February 24, 2021

Stopping Erosion and Restoring Prairies

by Andy Davey

People often ask about the impact of our grantmaking on the community. To help answer those questions, we’re embarking on a new series of blog posts and reports providing more information and analysis about the scope and impact of our grants in each of our five community impact focus areas: the environment, the arts, learning, community development and capacity building. We begin today, focusing on the environment.

Blog 55 environment at a glance
Cllick on image to enlarge.

Dane County is home to abundant natural gems: Rural prairie hiking trails, urban parks, fertile agricultural lands, our beloved lakes and much more. Our community, however, also faces tough environmental challenges, including persistent lake pollution, dwindling time outdoors for many children, and inequitable access to farmland and other natural resources. And we are affected by environmental challenges, such as climate change, that go well beyond our borders.

Environment areas of impact
Cllick on image to enlarge.

Many nonprofits in our community are rising to meet these challenges, and MCF and its generous donors are supporting that work. MCF makes grants to fund conservation and restoration work throughout Dane County, along with environmental education programs and initiatives to increase access to our natural places for everyone in our community. Since 1990, MCF has made more than 170 grants totaling $6.9 million to more than 88 different organizations, funding projects that have an impact on land, water, and the lives and livelihoods of people.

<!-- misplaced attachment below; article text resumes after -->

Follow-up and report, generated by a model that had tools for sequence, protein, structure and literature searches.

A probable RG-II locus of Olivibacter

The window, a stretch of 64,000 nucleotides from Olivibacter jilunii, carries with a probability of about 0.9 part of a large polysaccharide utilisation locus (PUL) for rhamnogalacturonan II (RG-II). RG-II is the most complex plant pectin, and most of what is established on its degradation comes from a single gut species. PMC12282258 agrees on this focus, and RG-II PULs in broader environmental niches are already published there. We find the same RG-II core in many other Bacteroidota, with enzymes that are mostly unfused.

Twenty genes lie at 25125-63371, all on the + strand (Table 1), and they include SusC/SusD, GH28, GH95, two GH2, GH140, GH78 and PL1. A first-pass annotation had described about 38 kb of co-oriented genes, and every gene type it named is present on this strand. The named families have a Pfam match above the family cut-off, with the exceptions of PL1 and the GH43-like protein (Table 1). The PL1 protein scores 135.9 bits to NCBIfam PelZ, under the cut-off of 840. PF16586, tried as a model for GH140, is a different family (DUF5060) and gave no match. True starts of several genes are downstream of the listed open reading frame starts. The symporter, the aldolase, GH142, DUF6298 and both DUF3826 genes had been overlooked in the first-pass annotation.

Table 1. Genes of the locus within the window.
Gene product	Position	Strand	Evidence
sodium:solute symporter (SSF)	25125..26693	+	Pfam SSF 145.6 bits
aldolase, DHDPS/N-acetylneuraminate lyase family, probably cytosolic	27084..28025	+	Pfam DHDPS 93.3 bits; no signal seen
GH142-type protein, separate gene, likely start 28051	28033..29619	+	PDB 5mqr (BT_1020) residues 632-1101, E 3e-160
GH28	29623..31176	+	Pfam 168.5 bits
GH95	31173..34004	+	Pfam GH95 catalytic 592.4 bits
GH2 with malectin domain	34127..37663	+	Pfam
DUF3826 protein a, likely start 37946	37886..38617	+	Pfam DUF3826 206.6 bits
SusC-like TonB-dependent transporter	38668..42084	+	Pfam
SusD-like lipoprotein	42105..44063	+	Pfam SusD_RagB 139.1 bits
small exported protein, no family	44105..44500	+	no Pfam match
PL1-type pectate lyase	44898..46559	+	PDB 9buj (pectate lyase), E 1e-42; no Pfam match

Below is the story of one of these projects. Stay tuned next month for two additional environmental stories about the work of the Aldo Leopold Nature Center and Groundswell Conservancy.

Blog 55 Holy Wisdom

Prairie Wisdom: Ecological Restoration and the Reduction of Lake Pollution

The Benedictine sisters at Holy Wisdom Monastery knew they could further reduce erosion and lake pollution; they just needed some help. After many years of careful environmental conservation on their land just north of Lake Mendota an opportunity arose to purchase an additional plot to restore and steward.

The 53-acre field had been in monocrop farm production for decades and was prone to erosion. During big storms, torrents of water cut gullies in the land and carried sediment and excess phosphorus across the adjacent highway into Lake Mendota. In 2014, with the help of a grant from Madison Community Foundation and support from other local philanthropists, the sisters purchased the land and began restoring it into a native prairie and oak savannah.

Nearly 100 volunteers helped remove invasive species and replace them with more than 120 native plant species. This allowed the landscape to blossom into a biodiverse habitat for a variety of birds and insects and a web of microorganisms that restored soil health. The robust root system and stable ground has eliminated erosion and allowed the groundwater aquifer to recharge.

The land has also been opened to the public. Thousands of people every year enjoy invigorating walks through the prairie or find a quiet path for spiritual retreat and reflection.

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